Water table contamination is a serious matter however, does it clear up in a short time perhaps. Here in Cornwall when tin mines were closed we saw some toxic leaching, but 30 years on there is no sign. Whilst the mines operated it seemed clear, it was the flooding after the pumps were turned off. Most folk here would love to see the mines re-open for the employment, and put up with some mess which nature always corrects in time. I live within the old mining areas and since the 1960’s the old spoil tips are growing trees and grass. I drink water from my own bore hole, its high in iron with traces of some heavy metals, a one micron carbon filter removes all nasties leaving a good water for both tea and whisky.

      • tapestry says:

        1 micron filters do not remove all toxic metals, and certainly don’t remove chemical pollutants or methane contamination. Enjoy the whiskey and tea while your brain clogs up or worse. Fracking is very different in its effects on the aquifer to mining, which doesn’t fracture the rock between the coal seam and the aquifer. It’s not surprising someone working in fracking has to convince themselves they’re not an environmental criminal.

      • Brin Jenkins says:

        There are two primary varieties of carbon filters. Carbon block filters use a densely packed piece of activated charcoal to attract heavy metals out of the water. Granular-activated carbon filters use sand-sized carbon granules that have more overall surface area than a carbon block. Carbon filters are highly effective at removing metals due to the high surface area of the charcoal portions of the filter, and the carbon molecules themselves, which have a large molecular structure with which to contain free-floating metals.

        Read more :

      • tapestry says:

        I use half micron filters as described. They take out more heavy metals than 1 micron, although 1 micron’s not bad. You don’t take out chemical pollution, which with fracking is the key issue.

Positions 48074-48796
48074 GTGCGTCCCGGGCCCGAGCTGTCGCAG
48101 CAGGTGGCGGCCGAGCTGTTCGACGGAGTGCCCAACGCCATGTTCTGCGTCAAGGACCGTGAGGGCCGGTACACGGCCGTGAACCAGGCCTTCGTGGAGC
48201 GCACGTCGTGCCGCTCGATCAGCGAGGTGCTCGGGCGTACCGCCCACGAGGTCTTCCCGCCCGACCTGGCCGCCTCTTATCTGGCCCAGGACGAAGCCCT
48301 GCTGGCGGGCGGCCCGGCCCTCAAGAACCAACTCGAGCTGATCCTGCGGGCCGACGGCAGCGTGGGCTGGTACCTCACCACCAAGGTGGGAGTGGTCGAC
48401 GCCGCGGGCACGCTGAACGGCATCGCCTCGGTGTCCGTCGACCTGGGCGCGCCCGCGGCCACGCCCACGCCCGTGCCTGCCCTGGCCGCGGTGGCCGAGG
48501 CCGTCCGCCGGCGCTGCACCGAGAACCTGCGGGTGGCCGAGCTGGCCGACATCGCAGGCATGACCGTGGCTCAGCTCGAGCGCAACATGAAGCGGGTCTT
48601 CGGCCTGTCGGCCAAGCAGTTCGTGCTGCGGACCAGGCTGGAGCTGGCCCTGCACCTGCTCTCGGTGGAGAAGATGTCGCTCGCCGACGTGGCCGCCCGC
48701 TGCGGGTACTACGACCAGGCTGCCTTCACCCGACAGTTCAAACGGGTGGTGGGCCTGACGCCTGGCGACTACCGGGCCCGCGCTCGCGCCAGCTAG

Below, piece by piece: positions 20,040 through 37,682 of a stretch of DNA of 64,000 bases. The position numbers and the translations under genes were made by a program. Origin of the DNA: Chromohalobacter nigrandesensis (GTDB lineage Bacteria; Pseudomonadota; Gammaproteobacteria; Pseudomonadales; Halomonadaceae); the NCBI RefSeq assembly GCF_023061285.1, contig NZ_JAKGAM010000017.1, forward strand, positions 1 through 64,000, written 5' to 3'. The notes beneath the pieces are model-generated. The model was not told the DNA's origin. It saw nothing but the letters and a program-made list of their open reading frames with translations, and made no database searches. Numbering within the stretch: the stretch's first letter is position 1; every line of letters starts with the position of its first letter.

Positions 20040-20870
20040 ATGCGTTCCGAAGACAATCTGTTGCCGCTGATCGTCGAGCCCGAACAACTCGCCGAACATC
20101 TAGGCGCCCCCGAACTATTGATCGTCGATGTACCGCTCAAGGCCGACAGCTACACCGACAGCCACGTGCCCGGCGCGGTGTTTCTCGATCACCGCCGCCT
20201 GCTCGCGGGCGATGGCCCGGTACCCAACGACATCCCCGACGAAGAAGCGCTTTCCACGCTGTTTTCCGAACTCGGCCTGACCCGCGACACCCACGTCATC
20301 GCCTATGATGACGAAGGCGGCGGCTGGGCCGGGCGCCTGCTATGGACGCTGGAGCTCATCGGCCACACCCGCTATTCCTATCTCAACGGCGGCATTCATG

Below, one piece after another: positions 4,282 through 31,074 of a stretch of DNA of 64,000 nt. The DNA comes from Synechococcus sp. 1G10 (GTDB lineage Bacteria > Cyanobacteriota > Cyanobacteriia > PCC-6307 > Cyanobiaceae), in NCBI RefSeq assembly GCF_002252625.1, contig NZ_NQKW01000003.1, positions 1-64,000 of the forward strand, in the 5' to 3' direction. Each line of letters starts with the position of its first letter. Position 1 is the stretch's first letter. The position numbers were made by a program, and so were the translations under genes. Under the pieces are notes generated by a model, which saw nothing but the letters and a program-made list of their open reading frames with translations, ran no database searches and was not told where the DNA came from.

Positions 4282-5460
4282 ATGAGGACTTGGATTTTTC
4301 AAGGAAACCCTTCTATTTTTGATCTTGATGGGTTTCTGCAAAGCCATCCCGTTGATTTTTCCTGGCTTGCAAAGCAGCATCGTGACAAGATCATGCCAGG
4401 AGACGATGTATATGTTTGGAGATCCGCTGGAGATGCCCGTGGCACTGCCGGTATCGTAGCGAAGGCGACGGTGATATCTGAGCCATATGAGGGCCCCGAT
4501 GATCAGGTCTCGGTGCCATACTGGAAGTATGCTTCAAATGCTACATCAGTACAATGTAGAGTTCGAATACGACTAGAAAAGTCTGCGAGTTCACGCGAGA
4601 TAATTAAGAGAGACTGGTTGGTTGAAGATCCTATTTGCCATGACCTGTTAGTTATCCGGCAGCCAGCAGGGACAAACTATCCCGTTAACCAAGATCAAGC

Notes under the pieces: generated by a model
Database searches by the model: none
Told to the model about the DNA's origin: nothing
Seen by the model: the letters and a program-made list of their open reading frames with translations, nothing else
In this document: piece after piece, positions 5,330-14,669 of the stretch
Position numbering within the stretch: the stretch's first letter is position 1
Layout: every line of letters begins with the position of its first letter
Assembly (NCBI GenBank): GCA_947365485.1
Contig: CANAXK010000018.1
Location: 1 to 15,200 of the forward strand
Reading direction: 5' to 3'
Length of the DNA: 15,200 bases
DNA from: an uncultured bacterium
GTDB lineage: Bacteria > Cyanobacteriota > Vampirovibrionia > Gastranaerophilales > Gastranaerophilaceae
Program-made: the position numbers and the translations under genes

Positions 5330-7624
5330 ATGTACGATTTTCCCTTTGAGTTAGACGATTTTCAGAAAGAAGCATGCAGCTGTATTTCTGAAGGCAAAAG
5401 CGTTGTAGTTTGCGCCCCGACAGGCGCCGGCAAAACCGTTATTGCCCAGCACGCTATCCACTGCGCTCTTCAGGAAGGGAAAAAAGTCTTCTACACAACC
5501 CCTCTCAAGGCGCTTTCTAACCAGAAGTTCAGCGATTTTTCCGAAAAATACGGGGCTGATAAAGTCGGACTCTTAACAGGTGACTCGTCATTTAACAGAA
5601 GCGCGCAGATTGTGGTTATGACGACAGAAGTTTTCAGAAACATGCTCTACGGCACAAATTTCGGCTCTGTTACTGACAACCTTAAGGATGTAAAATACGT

• Brin Jenkins says:

        Carbon is such a lovely material, not the vile pollutant claimed by many greenies.

      • tapestry says:

        So poisoned water is fine as long as it’s passed through a carbon filter. Will you agree to drink a pint of water a day polluted with methane gas after it’s passed through your filter, Brin? You won’t live long.

      • Brin Jenkins says:

        You know, I don’t recall saying that? But then I’ve lived for 78 years so I must have got something right.

        You hardly make a point just harping on that you know best! Convince us with proven cases and statistics, not emotion.

      • Adam Gallon says:

        Methane’s a non-toxic gas, with low solubility in water.
        It’s what your farts are predominantly composed of.
        I’ll happily drink a pint of water a day that’s had methane bubbled through it.

      • tapestry says:

        Methane’s known as the ‘silent killer’, odourless, colourless and deadly. Canaries. Humphrey Davey. Etc. Millions of victims worldwide. The gas in your kitchen is methane with a stenching agent. The fastest way to end a life that’s available. Also a neuro-inhibitor, an endocrine-inhibitor and not a wise move to drink.

        I love the idea of ‘little’ earthquakes, and really responsible gas-drilling companies who are going to have a different result in Britain to the mayhem they’ve caused using the same equipment and techniques in the US, Australia, Canada and many others. Just a little bit of casing around the drill bits and all will be well. Bollocks!

      • Nial says:

        Jane, was that because of the fracking process or sloppy handling of the waste fracking water? Regulations on the storage of that waste are much tighter here in the UK than they are in the USA, I’m not sure about Canada, but accidental contamination of drinking water is unlikely. We also have many fewer deep wells for drinking water, most water is supplied from reservoirs etc.
        Having said that there is a small chance of it happening, so fracking needs to be properly regulated. We should also bear in mind _no_ form of energy generation is _completely_ environmentally clean, it’s a matter or weighing up the pros and cons.

      • Roger Helmer MEP says: